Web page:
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The shortest season and weather vendettas

Spring just called and left a message.

It wants its moderate weather back.

Me too. Where did spring go? It seems like it just arrived and now everyone is driving around with the windows up and the air conditioning on.

Shut in becomes the norm once more. We’re shut in during the winter and summer for reasons of cold and heat, respectively. Autumn is my favorite time of the year, but like spring, is over much too quickly—usually. The last few winters, though, it seems like fall extends into much of the winter season, in that it’s not so “wintery” during winter, anymore. I’ve got parkas that barely get service and then, before long, it’s spring, which brings sneezes and blooms in simultaneous abundance, yielding all too soon to baking, hot summer.

I believe weather patterns are cyclical. Some weather experts may argue global warming is responsible, but I tend to stray toward the cyclical explanation. Historical weather patterns are not actually considered much anymore these days by most people who aren’t farmers (most of us), and who opt for the expertise of their local meteorologists instead. If you’re old enough to remember the “Farmers’ Almanac,” however, you probably recall seasons being more distinct in duration and feel, as you read the almanac’s weather predictions. This gem of weather forecasting is still published, but its reader numbers have declined steadily over the years as Doppler radar et al came into vogue as modern era forecasting tools.

So now that you’re groaning you didn’t come here to read about the weather, let me segue to what the weather and its forecasting can signify for many of us beyond the obvious.

In a society that regularly displays loud and clear our need for being in control, we can share in the fact that the weather is very much beyond our control.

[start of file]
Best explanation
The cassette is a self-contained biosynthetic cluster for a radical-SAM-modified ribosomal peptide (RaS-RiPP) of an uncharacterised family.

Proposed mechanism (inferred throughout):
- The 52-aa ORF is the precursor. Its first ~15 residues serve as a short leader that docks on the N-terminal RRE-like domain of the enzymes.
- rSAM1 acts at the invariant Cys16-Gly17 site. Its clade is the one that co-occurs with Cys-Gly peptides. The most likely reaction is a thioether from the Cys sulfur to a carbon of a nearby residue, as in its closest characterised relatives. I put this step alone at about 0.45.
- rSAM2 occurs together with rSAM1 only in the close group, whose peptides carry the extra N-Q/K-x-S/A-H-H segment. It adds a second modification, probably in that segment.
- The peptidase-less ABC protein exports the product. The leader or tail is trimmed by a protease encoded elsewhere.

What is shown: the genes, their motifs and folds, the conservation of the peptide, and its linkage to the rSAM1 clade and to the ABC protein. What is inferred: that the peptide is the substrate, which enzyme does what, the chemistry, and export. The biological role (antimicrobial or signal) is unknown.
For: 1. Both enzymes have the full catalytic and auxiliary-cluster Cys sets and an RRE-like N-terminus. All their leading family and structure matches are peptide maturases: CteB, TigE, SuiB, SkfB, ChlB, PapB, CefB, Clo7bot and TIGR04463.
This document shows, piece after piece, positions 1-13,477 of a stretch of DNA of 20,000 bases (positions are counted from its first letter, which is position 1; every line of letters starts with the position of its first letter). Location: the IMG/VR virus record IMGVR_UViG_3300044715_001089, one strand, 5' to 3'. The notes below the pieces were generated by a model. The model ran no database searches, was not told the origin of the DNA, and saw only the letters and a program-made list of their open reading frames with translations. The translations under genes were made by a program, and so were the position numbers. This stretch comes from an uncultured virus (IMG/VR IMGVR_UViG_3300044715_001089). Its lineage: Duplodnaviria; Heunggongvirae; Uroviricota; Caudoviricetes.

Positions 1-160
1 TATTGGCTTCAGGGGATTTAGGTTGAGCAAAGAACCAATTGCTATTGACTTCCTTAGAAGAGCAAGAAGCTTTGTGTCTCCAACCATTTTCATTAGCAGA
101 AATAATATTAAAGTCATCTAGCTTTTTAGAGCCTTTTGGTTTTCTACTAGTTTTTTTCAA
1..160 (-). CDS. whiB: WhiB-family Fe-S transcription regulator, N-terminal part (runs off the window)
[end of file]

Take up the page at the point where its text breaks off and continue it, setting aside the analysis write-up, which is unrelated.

Pretty deep, I know, but the thing is, that sentiment is beautiful in its simplicity.

Things get complicated; we lose control and things can turn ugly when this happens sometimes. Yet, no one gets angry at the clouds when the weather blows up their day or the event they’re attending by inconveniencing them with rain or snow, when they absolutely, positively had to have sunny, clear, or mostly sunny and clear skies.

If anything, we blame someone for the poor weather.

“How does that weather dude keep his job when he’s wrong so much of the time?”

Weather folks get a rough shake sometimes, but they’re much better than when I was a kid and looking at the Farmers’ Almanac was about as good as getting someone’s long range forecast on TV.

For another example of misplaced anger, how about upon lightning and rain suddenly raging during a mid-afternoon celebration, we’re compelled to beat up poor Marge:

Great choice to have an outdoor swimming pool birthday party for little Johnny, Marge!”

This is pretty ridiculous as the weather is going to do, well, what the weather is going to do.

Marge isn’t responsible. The weather guy isn’t to blame, either.

But since we can’t control the weather, many of us are compelled to lash out at someone about it, when it all goes south on us.

They think it’s like work or something and “someone must pay” when something goes amiss or a project sours.

The weather is the great equalizer when it comes to modern times.

With so many more things seemingly within our control than ever, isn’t it comforting to know the weather can sneak all up on you and rain down hard on your behind, leaving you running for shelter?

I don’t know about you, but that’s very calming for me. I like walking in the rain without an umbrella, too, though. I’m funny like that.

It’s all like a good feeling of helplessness for me, if there is such a thing.

If you can’t surrender to the weather and how it occasionally inconveniences you, I would ask that you consider making weather, instead of people, the target of any displeasure you may think of directing.

But good luck with that. Like father time, weather is indifferent to the protestations of humans.

So if you can’t beat ‘em, in this case, gleefully join ‘em. Hopefully, at the worst for it, you’re just a little wet behind the ears from a gentle spring rain.

 

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